As a pet owner of three German Shepherds, I have the first-hand experience of knowing what benefits pets bring to our lives. Not only do they offer us unconditional love, but they also provide us with support and championship. In fact, studies have shown that owning a pet has physical and mental health benefits too. Did you know that pet owners (especially dog owners), are less likely to suffer from depression, than those without pets. OR, that pet owners over the age of 65 make 30 percent fewer visits to their doctors than those individuals without pets? That’s pretty impressive right?
Owning a pet also encourages us to make healthy lifestyle changes. From incorporating a little exercise into our daily routine with the playing and or walking of your pet, to their companionship and their ability to decrease your loneliness and lift your mood when you’re down and out. “Pets are great!” – at least I think so!
Studies also show that children with learning disabilities have a better interaction with pets than with people. I believe this is true, because of the communication style for children. Children, especially those with learning disabilities and autism tend to rely on non-verbal cues to communicate and express their feelings. Unfortunately, with some children expressing their feelings can be difficult and frustrating, thus resulting in them lashing out, becoming stressed and or emotional. However, a well-trained dog can help a child learn how to regulate stress and in turn calm themselves, thus making them better equipped to overcome their frustrations as well as the challenges of their disorder.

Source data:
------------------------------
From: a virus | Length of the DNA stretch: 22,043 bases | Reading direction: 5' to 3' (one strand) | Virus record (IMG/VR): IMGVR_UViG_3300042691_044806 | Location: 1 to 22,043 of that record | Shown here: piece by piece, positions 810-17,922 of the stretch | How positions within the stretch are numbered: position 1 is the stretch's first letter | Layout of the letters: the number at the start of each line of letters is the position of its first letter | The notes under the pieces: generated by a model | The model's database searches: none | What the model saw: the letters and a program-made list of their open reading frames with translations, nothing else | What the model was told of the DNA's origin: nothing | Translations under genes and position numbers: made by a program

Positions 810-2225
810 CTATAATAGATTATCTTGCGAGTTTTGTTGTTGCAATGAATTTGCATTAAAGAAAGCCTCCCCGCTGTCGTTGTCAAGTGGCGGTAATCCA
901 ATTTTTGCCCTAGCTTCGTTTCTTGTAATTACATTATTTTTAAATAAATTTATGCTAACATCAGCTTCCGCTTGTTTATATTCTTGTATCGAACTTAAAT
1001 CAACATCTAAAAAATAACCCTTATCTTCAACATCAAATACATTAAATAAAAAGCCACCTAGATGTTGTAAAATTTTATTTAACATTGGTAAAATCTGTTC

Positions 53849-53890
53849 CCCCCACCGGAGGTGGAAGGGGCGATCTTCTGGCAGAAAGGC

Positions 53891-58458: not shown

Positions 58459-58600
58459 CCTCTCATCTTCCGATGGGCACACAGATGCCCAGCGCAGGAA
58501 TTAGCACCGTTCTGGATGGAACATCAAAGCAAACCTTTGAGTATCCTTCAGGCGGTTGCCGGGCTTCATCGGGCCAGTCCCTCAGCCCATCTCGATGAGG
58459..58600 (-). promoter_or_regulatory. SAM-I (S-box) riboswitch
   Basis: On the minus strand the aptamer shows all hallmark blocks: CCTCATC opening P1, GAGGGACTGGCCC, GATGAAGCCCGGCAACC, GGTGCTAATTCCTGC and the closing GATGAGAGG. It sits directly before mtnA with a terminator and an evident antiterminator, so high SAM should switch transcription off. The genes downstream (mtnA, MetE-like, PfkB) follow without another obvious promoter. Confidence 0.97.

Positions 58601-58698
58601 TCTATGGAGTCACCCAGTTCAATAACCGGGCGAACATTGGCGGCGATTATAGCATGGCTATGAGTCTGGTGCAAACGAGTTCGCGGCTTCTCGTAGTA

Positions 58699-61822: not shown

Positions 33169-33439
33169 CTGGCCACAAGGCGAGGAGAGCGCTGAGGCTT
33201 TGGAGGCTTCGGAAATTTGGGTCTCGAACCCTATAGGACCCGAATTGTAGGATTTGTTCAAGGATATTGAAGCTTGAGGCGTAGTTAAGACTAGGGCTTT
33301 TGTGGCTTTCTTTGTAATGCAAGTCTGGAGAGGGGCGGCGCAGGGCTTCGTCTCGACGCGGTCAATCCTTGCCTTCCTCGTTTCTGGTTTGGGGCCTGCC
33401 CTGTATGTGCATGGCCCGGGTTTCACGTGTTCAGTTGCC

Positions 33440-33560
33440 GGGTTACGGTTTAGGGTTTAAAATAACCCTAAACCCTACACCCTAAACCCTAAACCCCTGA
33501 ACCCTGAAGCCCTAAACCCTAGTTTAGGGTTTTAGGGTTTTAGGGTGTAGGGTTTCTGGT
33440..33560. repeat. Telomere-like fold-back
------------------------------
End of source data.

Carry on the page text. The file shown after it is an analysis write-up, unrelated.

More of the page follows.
Owning a pet is an added responsibility and may not be an option for everyone. However, if you do decide to get a pet, we recommend doing your research.
Things you may consider when getting a pet:
What is the right pet for you and or your family? Researching breeds, personalities, and traits is a good place to start. Have your questions ready. Example: Are they good with children, require a larger amount of exercise and or training, do they shed, what are the health issues related to the breed, age of the pet (example puppies or kittens require more work with training/care/attention etc.) , is adoption an option, etc.
Is your home pet friendly? Do you have available space? – crate-sleeping area, fenced yard for outdoor play, toys available to occupy them – chew toys etc.
Do you have time for a pet? Can your pet be left alone? And if so, for how long, do they need to be crated or boarded. Are you able to exercise or play with them?
Can you afford a pet? Some fees that you should consider are : Adoption or purchasing fees, medical expenses (vet, hospital, medications), food, boarding in the event of vacations, etc., training – basic/obedience/service etc….
By: Liza Vega-Tallman, Community Outreach Director